With a growing majority of the global fleet having completed the switch to digital navigation, evidence is emerging that the number of ECDIS-related issues during inspections and audits is on the rise. Earlier this year, the Australian Maritime Safety Authority (AMSA) reported a significant increase in the number of ships detained because of ECDIS deficiencies.
The consequences of ECDIS deficiencies during inspections were highlighted in the recent case of a ship detained in Brisbane by AMSA due to a lack of on-board familiarisation training in the use of ECDIS. This required an ECDIS trainer to be flown in from Singapore to train the crew. The vessel, which had passed through the Great Barrier Reef on its journey, was released from detention upon completion of this crew training.
Speaking at SMM 2016 in Hamburg, Thomas Mellor, Head of OEM Technical Support and Digital Standards at UKHO, said:
“ECDIS can deliver tremendous benefits for safe, compliant and efficient navigation. However, once installed ship owners, operators and managers must fulfill their responsibilities for its ongoing use, including compliance with all relevant regulations. This includes updating their bridge procedures, upgrading their ECDIS software to the latest IHO ENC standards and, above all, ensuring that bridge teams are trained and certified in the operation of ECDIS and in line with the requirements of Port State Control inspections and audits.
“There can be any number of reasons for non-compliance, ranging from inadequate detail in the ship’s Safety Management System (SMS), a failure to use the latest Electronic Navigational Charts (ENCs) for the voyage plan, or a bridge team unfamiliar with the use of ECDIS. Whatever the reason, the penalties can be severe, whether through the costs of a delayed onward voyage or the impact on an owner’s reputation of a failed SIRE inspection. Most importantly, every incident of non-compliance is a potential threat to the safety of that ship and its crew, as well as other traffic and the marine environment.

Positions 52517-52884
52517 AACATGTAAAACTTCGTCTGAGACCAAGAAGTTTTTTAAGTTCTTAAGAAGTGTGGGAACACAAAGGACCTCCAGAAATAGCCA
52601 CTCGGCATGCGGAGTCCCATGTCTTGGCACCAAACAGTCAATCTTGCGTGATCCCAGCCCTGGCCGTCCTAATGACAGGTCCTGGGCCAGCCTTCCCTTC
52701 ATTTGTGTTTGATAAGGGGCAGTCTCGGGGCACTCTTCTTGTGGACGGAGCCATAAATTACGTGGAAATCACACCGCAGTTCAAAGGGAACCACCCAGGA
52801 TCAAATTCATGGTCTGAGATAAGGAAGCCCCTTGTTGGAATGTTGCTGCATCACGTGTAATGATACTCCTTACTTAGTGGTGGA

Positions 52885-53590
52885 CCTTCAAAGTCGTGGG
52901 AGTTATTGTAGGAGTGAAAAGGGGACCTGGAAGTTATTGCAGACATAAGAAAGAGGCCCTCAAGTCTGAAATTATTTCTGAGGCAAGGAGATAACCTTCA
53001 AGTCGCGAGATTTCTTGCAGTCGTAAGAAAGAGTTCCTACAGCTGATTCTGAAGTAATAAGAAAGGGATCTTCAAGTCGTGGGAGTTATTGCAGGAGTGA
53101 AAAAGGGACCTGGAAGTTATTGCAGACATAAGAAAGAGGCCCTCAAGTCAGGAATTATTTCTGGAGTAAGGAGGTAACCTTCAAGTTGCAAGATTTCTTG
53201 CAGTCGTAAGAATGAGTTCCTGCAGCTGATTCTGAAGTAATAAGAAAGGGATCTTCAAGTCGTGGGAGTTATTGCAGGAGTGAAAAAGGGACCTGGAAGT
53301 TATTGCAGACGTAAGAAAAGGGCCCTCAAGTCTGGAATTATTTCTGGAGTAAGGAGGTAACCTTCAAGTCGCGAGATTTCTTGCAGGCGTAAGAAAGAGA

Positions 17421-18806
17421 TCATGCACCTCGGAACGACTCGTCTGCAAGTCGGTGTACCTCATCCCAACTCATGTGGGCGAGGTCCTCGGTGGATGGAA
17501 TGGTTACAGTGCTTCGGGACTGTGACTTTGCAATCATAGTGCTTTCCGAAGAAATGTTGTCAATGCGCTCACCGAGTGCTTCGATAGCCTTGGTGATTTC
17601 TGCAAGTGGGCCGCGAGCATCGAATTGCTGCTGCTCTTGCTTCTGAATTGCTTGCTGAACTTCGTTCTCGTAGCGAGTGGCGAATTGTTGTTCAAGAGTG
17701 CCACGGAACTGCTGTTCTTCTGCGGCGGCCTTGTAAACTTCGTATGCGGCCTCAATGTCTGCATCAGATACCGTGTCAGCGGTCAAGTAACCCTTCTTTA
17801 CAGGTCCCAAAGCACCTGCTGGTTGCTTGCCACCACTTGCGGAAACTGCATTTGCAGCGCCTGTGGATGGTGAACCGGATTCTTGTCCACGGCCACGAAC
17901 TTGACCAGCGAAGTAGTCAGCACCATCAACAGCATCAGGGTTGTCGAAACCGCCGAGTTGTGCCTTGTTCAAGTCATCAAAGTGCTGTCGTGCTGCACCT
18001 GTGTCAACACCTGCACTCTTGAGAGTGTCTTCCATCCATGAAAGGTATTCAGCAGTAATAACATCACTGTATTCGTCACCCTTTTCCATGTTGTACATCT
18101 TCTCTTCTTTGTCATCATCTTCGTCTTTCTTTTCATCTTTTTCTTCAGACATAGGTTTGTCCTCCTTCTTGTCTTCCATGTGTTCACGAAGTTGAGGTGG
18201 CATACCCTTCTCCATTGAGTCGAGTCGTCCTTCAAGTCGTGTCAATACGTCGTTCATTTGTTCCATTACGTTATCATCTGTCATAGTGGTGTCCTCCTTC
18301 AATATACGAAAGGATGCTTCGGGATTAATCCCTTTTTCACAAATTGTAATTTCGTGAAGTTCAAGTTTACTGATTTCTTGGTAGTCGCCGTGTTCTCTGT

“PSC inspectors are carrying out more inspections on ships using ECDIS as the primary means of navigation and as a result, are becoming more aware of the latest requirements and which questions to ask.
“The good news is that there is plenty of guidance and support available for owners from ECDIS manufacturers and ECDIS training providers. The UKHO has been freely distributing the ADMIRALTY Guide to Audits and Inspections at ECDIS Seminars for several years.
“Furthermore we have developed the ADMIRALTY ENC Maintenance Record (NP133C) to make official digital chart information easier to manage, inspect and audit”.
The compliance challenges associated with ECDIS are taking on greater prominence as the proportion of the global shipping fleet carrying ECDIS continues to grow. An important landmark was reached earlier this year when the UKHO announced that 51% of all vessels subject to the SOLAS regulations on ECDIS carriage were ECDIS-ready, marking the first time that ECDIS-ready ships made up the majority of the global SOLAS fleet.
Furthermore, out of almost 42,000 internationally trading vessels, an estimated 59% are now ECDIS-ready, according to UKHO data.
Source & Image credit: UKHO